We designed a biological assay to screen potential drug candidates and determine the most efficacious candidate to test our hypothesis in SS mice. The biological assay was a multiplex mRNA screening array (nCounter) which could profile the induction of dozens of Nrf2 target genes simultaneously in each sample. Nrf2 is known to upregulate at least 200 different genes which modulate a wide array of biological processes (Thimmulappa et al., 2002; Lee et al., 2005). However, our interest was in the induction of cytoprotective, antioxidant, and heme metabolizing Nrf2 target genes. Note, the genes that we hypothesized would be the most clinically relevant for SCD patients are heme-oxygenase (HO-1), NAD(P)H quinone dehydrogenase 1 (NQO1), glutamate cysteine ligase modifier subunit (GCLM) and glutamate cysteine ligase catalytic subunit (GCLC). Those genes may offer therapeutic benefit for SCD patients because they are primarily involved in heme metabolism and/or cytoprotection. In addition to the aforementioned canonical target genes, our determination of the most efficacious candidate compound, was based upon which drug induced the highest number of Nrf2 target genes that are known to be associated with the antioxidant response in endothelial cells. To determine the most common 100 Nrf2 target genes associated with the antioxidant and cytoprotective response, we conducted a pathway analysis for genes of interest which relied upon published literature and publicly available biomedical databases (PubMed, EMBASE, Cochrane Library, TOXNET, Scopus, and Web of Science).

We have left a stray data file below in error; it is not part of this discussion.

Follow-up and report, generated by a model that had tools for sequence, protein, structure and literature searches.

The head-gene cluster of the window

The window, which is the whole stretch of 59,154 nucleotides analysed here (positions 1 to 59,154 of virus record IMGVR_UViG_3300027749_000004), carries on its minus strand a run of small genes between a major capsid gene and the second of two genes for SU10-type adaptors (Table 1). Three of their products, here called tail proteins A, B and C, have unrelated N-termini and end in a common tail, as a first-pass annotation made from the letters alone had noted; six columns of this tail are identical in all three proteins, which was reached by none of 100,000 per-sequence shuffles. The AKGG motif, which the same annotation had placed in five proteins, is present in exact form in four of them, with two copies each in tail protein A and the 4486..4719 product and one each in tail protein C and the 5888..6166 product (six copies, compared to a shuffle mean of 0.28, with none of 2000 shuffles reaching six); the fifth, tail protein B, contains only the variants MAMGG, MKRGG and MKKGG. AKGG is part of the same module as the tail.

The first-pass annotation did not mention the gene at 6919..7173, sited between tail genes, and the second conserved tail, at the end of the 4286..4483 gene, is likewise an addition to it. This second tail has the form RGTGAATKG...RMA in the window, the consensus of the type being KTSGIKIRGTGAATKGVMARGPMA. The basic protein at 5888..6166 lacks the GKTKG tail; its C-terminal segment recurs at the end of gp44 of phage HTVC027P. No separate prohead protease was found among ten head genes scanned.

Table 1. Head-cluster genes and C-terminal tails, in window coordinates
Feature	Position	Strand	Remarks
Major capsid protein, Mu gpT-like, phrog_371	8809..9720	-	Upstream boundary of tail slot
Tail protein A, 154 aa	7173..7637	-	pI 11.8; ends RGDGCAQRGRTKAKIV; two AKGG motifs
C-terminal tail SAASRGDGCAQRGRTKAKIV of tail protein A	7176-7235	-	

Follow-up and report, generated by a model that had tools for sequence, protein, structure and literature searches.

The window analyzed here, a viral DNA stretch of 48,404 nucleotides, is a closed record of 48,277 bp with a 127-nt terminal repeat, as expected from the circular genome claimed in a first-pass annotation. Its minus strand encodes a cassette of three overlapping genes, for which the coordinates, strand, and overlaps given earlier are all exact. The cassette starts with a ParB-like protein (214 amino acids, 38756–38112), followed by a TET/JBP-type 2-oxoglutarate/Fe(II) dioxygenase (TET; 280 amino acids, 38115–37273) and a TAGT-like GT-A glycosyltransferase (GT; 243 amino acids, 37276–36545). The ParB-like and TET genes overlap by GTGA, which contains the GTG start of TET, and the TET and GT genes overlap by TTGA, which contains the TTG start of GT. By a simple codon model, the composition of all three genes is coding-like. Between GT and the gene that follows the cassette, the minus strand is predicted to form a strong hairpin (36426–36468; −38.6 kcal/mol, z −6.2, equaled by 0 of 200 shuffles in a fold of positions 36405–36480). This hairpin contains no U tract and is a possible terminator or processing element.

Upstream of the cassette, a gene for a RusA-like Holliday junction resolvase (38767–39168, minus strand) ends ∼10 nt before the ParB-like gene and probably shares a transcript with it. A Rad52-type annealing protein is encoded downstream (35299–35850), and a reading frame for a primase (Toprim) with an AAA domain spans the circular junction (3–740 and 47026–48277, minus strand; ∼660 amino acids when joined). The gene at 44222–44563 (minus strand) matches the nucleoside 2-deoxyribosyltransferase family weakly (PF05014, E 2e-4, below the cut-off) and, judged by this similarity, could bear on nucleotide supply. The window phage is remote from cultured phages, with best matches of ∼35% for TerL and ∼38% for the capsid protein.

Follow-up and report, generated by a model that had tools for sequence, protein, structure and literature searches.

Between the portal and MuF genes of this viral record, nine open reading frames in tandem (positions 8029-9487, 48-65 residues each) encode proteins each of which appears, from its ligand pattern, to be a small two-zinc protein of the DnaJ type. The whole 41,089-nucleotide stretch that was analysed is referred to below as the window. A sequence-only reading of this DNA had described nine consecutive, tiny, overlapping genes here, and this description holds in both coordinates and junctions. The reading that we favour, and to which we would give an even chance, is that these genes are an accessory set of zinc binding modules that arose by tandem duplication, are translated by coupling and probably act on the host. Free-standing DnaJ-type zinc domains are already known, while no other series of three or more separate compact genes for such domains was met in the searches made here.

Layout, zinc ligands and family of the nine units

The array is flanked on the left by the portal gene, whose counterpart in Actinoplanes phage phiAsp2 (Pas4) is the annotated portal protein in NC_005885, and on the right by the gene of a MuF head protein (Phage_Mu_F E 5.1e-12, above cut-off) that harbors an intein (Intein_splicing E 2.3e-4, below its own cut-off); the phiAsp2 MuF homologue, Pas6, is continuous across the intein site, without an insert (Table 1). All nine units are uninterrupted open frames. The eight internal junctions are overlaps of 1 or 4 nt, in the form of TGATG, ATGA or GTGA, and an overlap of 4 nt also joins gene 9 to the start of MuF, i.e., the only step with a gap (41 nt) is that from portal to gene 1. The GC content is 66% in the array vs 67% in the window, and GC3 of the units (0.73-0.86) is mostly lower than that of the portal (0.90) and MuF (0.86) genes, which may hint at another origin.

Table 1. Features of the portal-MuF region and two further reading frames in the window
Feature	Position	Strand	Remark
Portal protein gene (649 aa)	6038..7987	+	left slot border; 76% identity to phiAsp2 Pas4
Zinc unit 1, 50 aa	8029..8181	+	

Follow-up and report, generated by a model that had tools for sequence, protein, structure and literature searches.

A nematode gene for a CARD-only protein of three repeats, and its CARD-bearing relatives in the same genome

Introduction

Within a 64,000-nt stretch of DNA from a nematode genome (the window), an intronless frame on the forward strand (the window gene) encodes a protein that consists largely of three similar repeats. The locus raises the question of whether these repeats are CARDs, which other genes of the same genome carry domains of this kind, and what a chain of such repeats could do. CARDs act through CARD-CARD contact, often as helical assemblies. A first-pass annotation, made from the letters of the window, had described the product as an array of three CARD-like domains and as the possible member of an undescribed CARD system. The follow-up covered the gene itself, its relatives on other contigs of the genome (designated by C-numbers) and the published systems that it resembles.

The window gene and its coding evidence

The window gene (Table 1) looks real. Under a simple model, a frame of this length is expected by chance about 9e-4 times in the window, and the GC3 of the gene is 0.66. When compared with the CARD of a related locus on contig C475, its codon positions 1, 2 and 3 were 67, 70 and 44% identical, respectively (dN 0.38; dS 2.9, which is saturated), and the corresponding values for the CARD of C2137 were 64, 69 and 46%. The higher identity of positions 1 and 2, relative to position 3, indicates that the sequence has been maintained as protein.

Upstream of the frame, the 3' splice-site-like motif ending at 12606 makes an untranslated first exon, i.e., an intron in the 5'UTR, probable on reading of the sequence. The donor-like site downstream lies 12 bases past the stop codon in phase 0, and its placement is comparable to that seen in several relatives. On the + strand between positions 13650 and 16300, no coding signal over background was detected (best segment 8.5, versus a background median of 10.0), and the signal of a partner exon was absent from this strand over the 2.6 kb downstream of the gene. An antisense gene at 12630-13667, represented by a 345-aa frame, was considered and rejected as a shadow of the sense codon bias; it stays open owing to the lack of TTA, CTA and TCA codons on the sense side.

The test compounds we considered for the screening assay were chosen based upon their reported ability to activate Nrf2 and their previous or current use clinically. Further, we performed a dose-response analysis (data not shown) to assess which compounds induced the most robust mRNA induction of the canonical target genes of interest, including HO-1, NQO1, GCLM and GCLC. Ultimately, the Nrf2 activators dimethyl fumarate (DMF) and CDDO-Methyl (CDDO-Me) were chosen as potential candidates for the mRNA screening assay. Both drugs have shown clinical promise; DMF is an FDA approved drug marketed under the brand name Tecfidera, indicated for the treatment of multiple sclerosis (Linker and Haghikia, 2016), and CDDO-Me has been evaluated for efficacy in clinical trials with patients with moderate-to-severe chronic kidney disease (Pergola et al., 2011a; Hong et al., 2012). See the methods section for a description of the dosing selection for cell culture.